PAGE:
The deuteron tensor structure function b1: A Proposal to Jefferson Lab PAC-38 (Update to LOI-11-003)

P Solvignon, K Allada, A Camsonne, A Deur, D Gaskell, M Jones, C Keith, S Wood, J Zhang, Guy Ron

Research output: Other contribution


The EMC experiment revealed that only a small fraction of the nucleon spin is carried
by quarks. Two decades later, the spin crisis remains an open issue. Quark orbital angular
momentum is now considered to be one of the principal contributions in generating the nucleon
spin, but a precise determination of this critical piece has remained elusive. The leading twist
tensor structure function b1 of spin-1 hadrons can provide new insight into this puzzle, since
it is directly related to effects arising from orbital angular momentum, which differ from the
case in a spin-1/2 target. For this reason, it provides a unique tool to study partonic effects,
while also being sensitive to coherent nuclear properties in the simplest nuclear system.
At low x, shadowing effects are expected to dominate b1, while at larger values, b1 provides a clean probe of exotic QCD effects, such as hidden color due to 6-quark configuration.
Since the deuteron wave function is relatively well known, any novel effects are expected to
be readily observable. All available models predict a small or vanishing value of b1 at moderate x. However, the first pioneer measurement of b1 at HERMES revealed a crossover to
an anomolously large negative value in the region 0.2 < x < 0.5, albeit with relatively large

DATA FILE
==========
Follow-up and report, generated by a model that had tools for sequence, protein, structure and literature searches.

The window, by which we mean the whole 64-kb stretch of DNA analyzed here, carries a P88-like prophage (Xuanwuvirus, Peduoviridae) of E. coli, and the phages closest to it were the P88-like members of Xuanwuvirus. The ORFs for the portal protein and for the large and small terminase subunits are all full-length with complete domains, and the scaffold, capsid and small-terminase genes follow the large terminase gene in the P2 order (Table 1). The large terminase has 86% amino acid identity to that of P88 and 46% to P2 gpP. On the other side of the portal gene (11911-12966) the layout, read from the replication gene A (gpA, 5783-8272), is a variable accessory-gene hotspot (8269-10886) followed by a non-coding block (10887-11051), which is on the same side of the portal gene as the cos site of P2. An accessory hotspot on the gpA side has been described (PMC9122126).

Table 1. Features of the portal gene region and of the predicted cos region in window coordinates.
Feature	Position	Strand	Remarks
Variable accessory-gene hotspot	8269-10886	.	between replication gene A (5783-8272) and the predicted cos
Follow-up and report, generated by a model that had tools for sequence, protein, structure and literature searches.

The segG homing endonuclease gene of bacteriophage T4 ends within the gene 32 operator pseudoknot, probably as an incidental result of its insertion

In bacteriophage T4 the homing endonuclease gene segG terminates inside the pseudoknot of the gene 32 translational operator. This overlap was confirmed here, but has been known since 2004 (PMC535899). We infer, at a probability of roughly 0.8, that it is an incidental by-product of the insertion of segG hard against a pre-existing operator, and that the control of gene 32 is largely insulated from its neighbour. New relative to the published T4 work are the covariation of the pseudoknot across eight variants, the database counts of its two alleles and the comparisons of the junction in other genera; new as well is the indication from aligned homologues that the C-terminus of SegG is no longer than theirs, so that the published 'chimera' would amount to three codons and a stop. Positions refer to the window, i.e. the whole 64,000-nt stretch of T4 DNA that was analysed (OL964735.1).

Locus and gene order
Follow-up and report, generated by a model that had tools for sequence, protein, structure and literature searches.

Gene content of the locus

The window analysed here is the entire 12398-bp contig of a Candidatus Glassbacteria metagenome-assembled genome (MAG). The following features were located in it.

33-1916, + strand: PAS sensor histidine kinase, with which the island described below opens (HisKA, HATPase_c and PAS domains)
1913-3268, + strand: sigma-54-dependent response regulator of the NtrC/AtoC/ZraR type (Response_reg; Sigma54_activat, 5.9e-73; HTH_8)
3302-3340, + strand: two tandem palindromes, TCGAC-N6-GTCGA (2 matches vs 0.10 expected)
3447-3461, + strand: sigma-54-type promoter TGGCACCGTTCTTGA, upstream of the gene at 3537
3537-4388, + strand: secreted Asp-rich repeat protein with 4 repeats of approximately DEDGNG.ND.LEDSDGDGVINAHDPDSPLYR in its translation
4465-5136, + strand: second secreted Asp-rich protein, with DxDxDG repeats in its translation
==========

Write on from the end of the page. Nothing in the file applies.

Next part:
experimental uncertainty.
We will perform an inclusive measurement of the deuteron polarized cross sections in the
region 0.30 < x < 0.50, for 1.5 < Q2 < 3.6 GeV2
. With 28 days of 11 GeV incident beam,
we can determine b1 with sufficient precision to discriminate between conventional nuclear
models, and the more exotic behaviour which is hinted at by the HERMES data. The UVa solid
polarized ND3 target will be used, along with the Hall C spectrometers, and an unpolarized
115 nA beam. An additional 11.8 days will be needed for overhead. This measurement will
provide access to the tensor quark polarization, and allow a test of the Close-Kumano sum
rule, which vanishes in the absence of tensor polarization in the quark sea. Until now, tensor
structure has been largely unexplored, so the study of these quantities holds the potential of
initiating a new field of spin physics at Jefferson Lab.
Original languageAmerican English
Media of outputJefferson Laboratory
PublisherJefferson Laboratory
Number of pages28
StateSubmitted - 2013


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